Maybe it's my pie in the sky nature or whatever, but I actually liked the break from the Internet, the indoor camping (which is what it felt like without power), the chance to clean and restock the fridge, the keeping of farmer's hours, etc. Frankly, I think I had it pretty easy. Other than the yard looking like a holy mess, I didn't have any downed trees or powerlines. I didn't need to have power for a medical reason (my heart goes out to all of those folks who do). I got my power back pretty quickly (two days isn't all that bad). Maybe it's easy for me to stay on the bright side of things.

Or maybe it is my yoga roots.  I notice that I'm less apt to complain nowadays. I've come to accept that while I don't have control over circumstances, I can control my relationship to them. I've come to get a bit more comfortable with the invevitability of change and I'm learning to roll with it rather than rocking it. 

I am far, far, far (I could add many more fars into this sentence) from perfect (there is still the driving issue after all) and frankly, I wouldn't want to be. Stil,l I delight in seeing how far I've come when something like a natural disaster crops up. Only crazy ole me would delight in a hurricane, seeing it as an in-house retreat. And post-hurricane, I find myself way more grateful than aggravated.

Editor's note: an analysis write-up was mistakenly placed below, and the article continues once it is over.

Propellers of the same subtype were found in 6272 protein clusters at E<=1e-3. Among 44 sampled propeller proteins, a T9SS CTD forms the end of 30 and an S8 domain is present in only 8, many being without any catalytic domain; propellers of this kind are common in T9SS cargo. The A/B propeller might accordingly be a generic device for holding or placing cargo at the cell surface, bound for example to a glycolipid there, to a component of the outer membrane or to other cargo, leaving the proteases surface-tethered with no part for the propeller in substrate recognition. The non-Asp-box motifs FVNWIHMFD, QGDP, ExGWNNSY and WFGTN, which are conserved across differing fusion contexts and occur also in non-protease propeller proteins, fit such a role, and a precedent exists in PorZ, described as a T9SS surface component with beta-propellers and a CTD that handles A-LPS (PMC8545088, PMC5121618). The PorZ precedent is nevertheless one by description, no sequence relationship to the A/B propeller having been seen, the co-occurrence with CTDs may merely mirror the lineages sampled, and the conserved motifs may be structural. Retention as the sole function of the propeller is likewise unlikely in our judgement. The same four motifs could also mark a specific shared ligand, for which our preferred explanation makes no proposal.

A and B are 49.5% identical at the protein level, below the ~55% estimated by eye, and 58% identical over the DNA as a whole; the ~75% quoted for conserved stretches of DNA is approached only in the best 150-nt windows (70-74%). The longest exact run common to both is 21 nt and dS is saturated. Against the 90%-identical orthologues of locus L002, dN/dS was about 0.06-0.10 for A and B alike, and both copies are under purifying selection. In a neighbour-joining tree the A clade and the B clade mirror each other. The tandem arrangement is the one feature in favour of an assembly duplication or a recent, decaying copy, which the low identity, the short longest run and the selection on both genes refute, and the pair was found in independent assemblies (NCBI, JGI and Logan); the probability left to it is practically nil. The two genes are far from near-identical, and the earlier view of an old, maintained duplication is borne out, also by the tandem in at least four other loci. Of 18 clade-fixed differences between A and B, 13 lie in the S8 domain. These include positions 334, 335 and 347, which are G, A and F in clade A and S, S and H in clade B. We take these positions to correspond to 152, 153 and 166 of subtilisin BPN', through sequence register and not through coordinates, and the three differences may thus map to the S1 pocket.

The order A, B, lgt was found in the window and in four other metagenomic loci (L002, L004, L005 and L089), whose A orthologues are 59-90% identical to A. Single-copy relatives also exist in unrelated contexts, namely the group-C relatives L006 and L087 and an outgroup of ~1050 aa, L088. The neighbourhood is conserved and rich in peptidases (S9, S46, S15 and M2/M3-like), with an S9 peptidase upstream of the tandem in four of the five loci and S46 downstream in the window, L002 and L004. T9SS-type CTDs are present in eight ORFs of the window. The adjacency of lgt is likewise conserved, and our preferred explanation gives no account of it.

On the flip side, the hurricane showed me how far I have to go in the acting like a yogi area. It was enlightening to see how attached I am to comfort and how entitled I am. I'm spoiled by hot water and instant internet access and Smart Phones and clear streets, etc. I take it all for granted, expecting it merely because I live in America. I thought about the folks in Japan after the devastating earthquake -- somehow I don't think they got their electricity back after only two days. Yes, it can always be worse. I try to remember that. 

Right now I'm still surprised when I look at my digital clock to see the numbers lit. I get giddy when I realize that I can use my Smart Phone to my heart's content without worrying about not being able to recharge the battery. My internet connection feels like a gift. Oh, how I wish I could maintain this level of gratitude. Unfortunately, I know that this feeling will fade and I'll go back to expecting all of these things as if they were my birthright. 

Still, I appreciate the lesson. Now maybe I should work on that little driving issue that I have...

Before I sign off, I just want to thank everyone on Long Island, New York -- and for those of you that came from out of state to lend a helping hand -- for helping to clear the roads, fix downed powerlines, assist folks sorely in need of help, inform folks about hurricane-related news (big should out to WBLI -- great job with the hurricane coverage!) and help the Island get back on its feet.

I'd also like to send love to others here and up and down the East Coast who are suffering because of the hurricane. As the Buddhists say -- may you be free from suffering.

And to Mother Nature -- thanks for reminding us of the truth in the saying man plans, God laughs.